Technical: Liquid Green Stuff


Technical: Liquid Green Stuff


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Liquid Greenstuff is perfect for repairing, sculpting and adding that litte bit extra to a base. When used with a brush you can have as much control as you would painting. Applying small amounts of water to smooth you can quickly, easily and effectively improve your models without any waste!

Additional information






Release Date


New Release

2012-11-16 00:00:00


  1. Maciver22 (verified owner)

    Fill gaps perfectly works well with a bit water to loosen up and get into the harder to get places….very workable stuff really good product

  2. Edward Rowlands (verified owner)

    Fills all those little gaps and thins out like paint with a bit of water at the edges

  3. Sgt_General (verified owner)

    Citadel Liquid Green Stuff is versatile and useful – it’s not exactly a ‘must have’, but in my opinion it’s an item that’s handy to have in your hobbyist toolbox.

    As someone who’s been getting back into Warhammer, I have quite a few models that I had built as a young teenager who was more interested in getting an army onto the tabletop than enjoying the process of putting an army together. As a result, some of the models are suffering from shoddy craftsmanship in the gluing stage. One of these was an old Necron warrior with an annoying gap through the middle of his gauss flayer. These small but noticeable imperfections really annoy me because of how amateurish they can make a model look, so this lucky Necron became the test subject for Liquid Green Stuff and I was pleased with the result – it’s difficult to tell that there was ever a gap in the gauss flayer and my Necron is ready to strip some molecular structures apart.

    Using it is rather straightforward:
    1. Get an old paint brush (or a new one that’s badly made and keeps coming apart, either way don’t use any brushes you want to keep in a good condition because this stuff won’t come out as easily as acrylic paint).
    2. Put some Liquid Green Stuff on a pallet as you would with paint and add a little bit of water.
    3. Make sure to wipe some excess Liquid Green Stuff off onto your kitchen towel, as you would with your paint, before putting it on as you might find yourself coating more of the miniature than intended. (You should be able to paint over it fine, or scrape it off, if that happens.)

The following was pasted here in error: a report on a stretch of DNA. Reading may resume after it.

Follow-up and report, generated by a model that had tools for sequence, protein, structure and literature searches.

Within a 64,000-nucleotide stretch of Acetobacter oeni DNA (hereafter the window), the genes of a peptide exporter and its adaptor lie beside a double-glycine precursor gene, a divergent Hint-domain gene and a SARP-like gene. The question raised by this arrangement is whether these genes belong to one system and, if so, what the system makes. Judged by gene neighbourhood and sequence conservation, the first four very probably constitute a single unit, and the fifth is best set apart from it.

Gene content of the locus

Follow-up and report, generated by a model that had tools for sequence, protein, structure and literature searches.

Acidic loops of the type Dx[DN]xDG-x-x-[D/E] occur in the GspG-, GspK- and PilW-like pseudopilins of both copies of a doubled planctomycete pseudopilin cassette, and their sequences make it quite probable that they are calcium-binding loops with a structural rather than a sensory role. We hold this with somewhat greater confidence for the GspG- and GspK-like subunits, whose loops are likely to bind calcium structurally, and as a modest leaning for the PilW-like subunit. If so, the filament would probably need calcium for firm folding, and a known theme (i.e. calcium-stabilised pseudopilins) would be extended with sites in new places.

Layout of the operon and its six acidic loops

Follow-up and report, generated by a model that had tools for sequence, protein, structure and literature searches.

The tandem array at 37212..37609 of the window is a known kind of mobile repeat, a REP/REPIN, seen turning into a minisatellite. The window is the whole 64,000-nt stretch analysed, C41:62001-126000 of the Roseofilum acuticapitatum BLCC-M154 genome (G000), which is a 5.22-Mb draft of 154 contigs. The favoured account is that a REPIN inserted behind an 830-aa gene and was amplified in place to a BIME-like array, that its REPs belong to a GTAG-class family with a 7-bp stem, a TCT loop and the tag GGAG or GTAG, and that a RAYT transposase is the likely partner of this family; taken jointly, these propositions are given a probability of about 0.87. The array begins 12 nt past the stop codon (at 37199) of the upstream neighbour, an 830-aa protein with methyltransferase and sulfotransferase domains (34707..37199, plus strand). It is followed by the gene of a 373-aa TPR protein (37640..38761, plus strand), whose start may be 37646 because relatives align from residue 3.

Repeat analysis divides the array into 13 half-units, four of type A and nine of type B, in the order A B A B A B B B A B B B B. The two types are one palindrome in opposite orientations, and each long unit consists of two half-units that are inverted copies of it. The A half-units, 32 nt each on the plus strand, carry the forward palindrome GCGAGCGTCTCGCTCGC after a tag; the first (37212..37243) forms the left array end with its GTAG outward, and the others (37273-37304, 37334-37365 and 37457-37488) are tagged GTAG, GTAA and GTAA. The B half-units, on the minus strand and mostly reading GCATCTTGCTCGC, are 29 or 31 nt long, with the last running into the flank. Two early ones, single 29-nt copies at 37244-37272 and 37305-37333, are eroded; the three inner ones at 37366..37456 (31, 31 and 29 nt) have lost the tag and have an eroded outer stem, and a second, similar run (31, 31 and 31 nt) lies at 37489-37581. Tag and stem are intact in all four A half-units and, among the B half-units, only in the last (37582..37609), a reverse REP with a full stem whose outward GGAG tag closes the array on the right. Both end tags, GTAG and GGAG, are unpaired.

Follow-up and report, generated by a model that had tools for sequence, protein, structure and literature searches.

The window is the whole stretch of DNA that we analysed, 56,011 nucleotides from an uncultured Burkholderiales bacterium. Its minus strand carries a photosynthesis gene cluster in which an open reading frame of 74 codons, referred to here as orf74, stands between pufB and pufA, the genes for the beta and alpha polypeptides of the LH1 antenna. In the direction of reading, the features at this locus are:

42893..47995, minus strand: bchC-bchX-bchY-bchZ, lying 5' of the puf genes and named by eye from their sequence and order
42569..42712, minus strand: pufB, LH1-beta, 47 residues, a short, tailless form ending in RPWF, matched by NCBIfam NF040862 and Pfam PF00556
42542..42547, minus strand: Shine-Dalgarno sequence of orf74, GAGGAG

4. Apply to any small gaps that need to be filled.
    5. Leave it to dry and then come back to inspect it. Liquid Green Stuff has a habit of shrinking into whatever gap you put it in. It might look fine when you put it on, but upon returning to it you might find that you need to apply it two or more times before the gap is finally filled.

    The reason this product isn’t rated 5/5 is because its intended purpose is for relatively niche scenarios in which small gaps appear when you assemble a miniature (or the model arrives with a slight imperfection). It’s not suitable for much more than relatively minor details. For anything worse than that, you’re probably better off looking at working with something like regular Green Stuff. You could also try milliput, I don’t have any personal experience with using that but I’ve heard that it’s useful for filling gaps in miniatures. There are other useful ways and means of minding the gap in your miniatures, too, which you can find online – it’s worth looking them up, but listing them now would detract from this review. After all, this is one of the key reasons to get Liquid Green Stuff: if repair work required isn’t extensive, then it will save you time because you don’t have to get your hands dirty putting Green Stuff or any other resources together.

    That being said, there is one final point I’d like to make, which transformed my perception of Liquid Green Stuff from a 3* product to a 4* product. While Green Stuff allows for much more creativity than its liquid counterpart, this product can still help you customise your miniatures. One YouTube reviewer describes Liquid Green Stuff as a ‘little can of filth’ – and means it entirely as a compliment – because you can apply it to your models as a way to add (subtle) texture, particularly if you’re going for a grungy, dishevelled look, or you think that a miniature (like an undead creature or, perish the thought, a follower of Nurgle) looks too clean. You could also use Liquid Green Stuff on vehicles to create a bumpy texture, simulating rust beneath the paint.

    Summary: Liquid Green Stuff isn’t necessary – there are other tools that do the same job (and arguably do it better) – and it won’t work on sizable gaps, but it works like a charm on small repair jobs. It’s straightforward and convenient to use, and as an added bonus you can use it to provide texture and extra details to your miniatures. Four stars out of five.

  4. NomadJVR (verified owner)

    great product to use for gaps

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